Opened earlier this year, the Museum Hotel in Turkey has its own archaeological site with thousands of artifacts and the world’s largest, ancient mosaic floor. Sam Ballard reports
The Museum hotel in Antakya, Turkey – not far from the Syrian border, turned from being a regular design hotel to a project with four times more steel than the Eiffel Tower and 23 centuries of archaeological artifacts on-site, after developers struck upon a surprising discovery.
It was due to be the newest addition to the region’s luxury hotel market. However, shortly after the Asfuroğlu family broke ground on the project in 2009, archaeological excavations revealed five layers of history spanning 13 civilizations beneath the surface.These included 30,000 artifacts and the world’s largest single-floor mosaic, which dates back to the fourth century. The result is a hotel that seemingly “floats” above an array of historical treasures such as ancient Roman baths, allowing guests to marvel at them when on their way to breakfast. Overall the hotel has taken more than 6,000 days and six million hours to complete, costing US$120 million, four times the original estimate. And now also comprises the Necmi Asfuroğlu Archaeology Museum (NAAM).In one of the videos about the project, Timur Asfuroğlu says: “When we talked among us as the siblings, we did not actually want to put that much money in it, as it is something unrecoverable.”
However, they were convinced by company chairman Necmi Asfuroğlu that “this would be a world project and a legacy would be left to humanity”. It was lucky they went ahead.Guests at the property can now step out of their rooms and access the on-site archaeological park, which stretches more than 17,000 sqm, making the Museum hotel one of the most unique hotels in the world.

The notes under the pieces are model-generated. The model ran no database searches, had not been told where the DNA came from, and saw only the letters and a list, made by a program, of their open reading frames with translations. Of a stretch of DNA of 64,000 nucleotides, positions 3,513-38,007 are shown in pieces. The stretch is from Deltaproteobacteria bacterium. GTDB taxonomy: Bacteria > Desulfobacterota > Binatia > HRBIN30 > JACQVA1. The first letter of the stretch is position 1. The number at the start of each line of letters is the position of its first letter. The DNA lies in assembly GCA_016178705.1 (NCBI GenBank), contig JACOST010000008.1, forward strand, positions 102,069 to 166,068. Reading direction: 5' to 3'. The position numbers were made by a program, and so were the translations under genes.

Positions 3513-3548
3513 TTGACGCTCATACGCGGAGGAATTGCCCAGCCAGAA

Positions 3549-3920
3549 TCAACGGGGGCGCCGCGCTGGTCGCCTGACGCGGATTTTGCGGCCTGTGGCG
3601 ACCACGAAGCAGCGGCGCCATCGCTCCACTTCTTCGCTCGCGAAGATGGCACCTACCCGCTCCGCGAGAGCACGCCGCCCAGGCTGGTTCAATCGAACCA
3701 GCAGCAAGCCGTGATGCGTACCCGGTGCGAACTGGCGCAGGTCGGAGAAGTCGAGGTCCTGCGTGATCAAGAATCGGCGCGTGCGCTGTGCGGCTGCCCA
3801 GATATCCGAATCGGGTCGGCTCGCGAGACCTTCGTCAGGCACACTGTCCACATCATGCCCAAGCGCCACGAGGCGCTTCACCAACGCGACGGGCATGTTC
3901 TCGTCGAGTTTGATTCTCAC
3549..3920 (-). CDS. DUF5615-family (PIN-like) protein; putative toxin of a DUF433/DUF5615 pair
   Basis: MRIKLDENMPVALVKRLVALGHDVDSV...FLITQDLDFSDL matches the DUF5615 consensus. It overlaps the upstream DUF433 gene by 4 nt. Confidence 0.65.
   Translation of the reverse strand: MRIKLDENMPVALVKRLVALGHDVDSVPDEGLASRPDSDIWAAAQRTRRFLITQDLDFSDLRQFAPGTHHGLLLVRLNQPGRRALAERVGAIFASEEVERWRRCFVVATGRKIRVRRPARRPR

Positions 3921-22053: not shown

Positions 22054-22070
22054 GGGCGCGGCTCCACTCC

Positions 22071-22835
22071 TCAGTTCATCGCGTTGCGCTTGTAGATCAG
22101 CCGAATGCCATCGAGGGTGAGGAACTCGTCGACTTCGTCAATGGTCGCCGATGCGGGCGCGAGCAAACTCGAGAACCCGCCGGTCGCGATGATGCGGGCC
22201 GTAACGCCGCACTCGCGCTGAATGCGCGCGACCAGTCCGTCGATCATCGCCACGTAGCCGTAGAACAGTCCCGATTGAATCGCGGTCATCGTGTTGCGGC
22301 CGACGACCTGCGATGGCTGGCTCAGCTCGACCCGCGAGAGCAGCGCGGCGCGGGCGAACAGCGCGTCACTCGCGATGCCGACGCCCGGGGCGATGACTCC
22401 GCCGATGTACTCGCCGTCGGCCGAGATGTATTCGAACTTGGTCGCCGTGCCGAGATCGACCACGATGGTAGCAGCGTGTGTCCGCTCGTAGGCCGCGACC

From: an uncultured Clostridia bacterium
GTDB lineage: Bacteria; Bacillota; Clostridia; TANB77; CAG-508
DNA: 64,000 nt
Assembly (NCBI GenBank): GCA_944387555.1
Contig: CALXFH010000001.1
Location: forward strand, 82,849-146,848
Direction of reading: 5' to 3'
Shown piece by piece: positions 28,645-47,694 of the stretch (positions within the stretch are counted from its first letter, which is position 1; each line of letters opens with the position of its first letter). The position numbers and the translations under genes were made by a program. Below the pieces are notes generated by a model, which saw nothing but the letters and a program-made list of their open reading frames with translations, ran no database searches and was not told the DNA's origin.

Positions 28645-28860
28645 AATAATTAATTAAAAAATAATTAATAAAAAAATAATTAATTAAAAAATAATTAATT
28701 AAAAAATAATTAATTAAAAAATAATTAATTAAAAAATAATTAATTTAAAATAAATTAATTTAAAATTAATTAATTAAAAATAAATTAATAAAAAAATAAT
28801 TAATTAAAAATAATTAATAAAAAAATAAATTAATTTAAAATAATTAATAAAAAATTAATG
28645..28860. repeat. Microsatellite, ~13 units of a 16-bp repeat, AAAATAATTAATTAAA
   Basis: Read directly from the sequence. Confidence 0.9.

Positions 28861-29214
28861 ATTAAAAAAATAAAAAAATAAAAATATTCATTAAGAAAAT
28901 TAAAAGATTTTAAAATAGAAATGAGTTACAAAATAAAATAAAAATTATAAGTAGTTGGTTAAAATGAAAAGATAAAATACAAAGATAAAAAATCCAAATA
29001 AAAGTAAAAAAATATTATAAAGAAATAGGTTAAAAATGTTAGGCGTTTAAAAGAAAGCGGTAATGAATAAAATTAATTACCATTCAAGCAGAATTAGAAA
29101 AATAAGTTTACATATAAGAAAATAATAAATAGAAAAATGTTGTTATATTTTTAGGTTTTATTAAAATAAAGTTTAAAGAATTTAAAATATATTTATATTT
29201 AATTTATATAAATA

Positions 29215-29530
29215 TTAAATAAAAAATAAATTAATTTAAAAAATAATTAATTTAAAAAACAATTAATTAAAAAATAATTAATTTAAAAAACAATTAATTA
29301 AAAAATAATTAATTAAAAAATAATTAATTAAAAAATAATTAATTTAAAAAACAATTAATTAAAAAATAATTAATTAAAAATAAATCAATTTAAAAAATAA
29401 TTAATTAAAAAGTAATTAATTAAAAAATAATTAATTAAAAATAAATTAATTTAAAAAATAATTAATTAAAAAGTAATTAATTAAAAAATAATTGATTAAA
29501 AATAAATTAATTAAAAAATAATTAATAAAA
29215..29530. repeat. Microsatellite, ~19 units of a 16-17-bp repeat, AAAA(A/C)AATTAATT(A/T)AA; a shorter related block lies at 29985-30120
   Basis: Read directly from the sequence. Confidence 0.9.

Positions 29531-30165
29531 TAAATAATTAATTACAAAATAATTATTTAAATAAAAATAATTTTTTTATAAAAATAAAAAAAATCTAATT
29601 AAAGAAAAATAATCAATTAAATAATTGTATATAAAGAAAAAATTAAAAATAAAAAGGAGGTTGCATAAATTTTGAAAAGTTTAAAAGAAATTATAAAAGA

It is also open to non-guests who simply want to see wonders such as the world’s only fully intact statue of Eros, dating back to 200AD.The hotel’s 200 rooms, which range from Superior to Suite, offer views of the ancient sites below. It also has the city’s largest spa, five restaurants and a rooftop pool.Elsewhere in Turkey, in Cappadocia, there is also a Museum hotel built in a cave that is part of the Relais and Chateaux collection of luxury hotels.
The Museum hotel in Antakya will not be the only “hybrid historical” property opening this year. Last month Globetrender reported that the Kruger Shalati Train would be converted into a luxury hotel parked on a bridge in South Africa’s Kruger safari park.
“The Kruger Shalati Train on a Bridge takes people back to a long-lost time and makes them feel part of the history of the Park,” said Jerry Mabena, CEO of Thebe Tourism Group, owners of Kruger Shalati.
“It gives a truly memorable glimpse into those early days of the Kruger where the untamed African spirit reigned supreme. We are looking forward to taking our guests on an equally exciting journey that is not available anywhere else in the world.”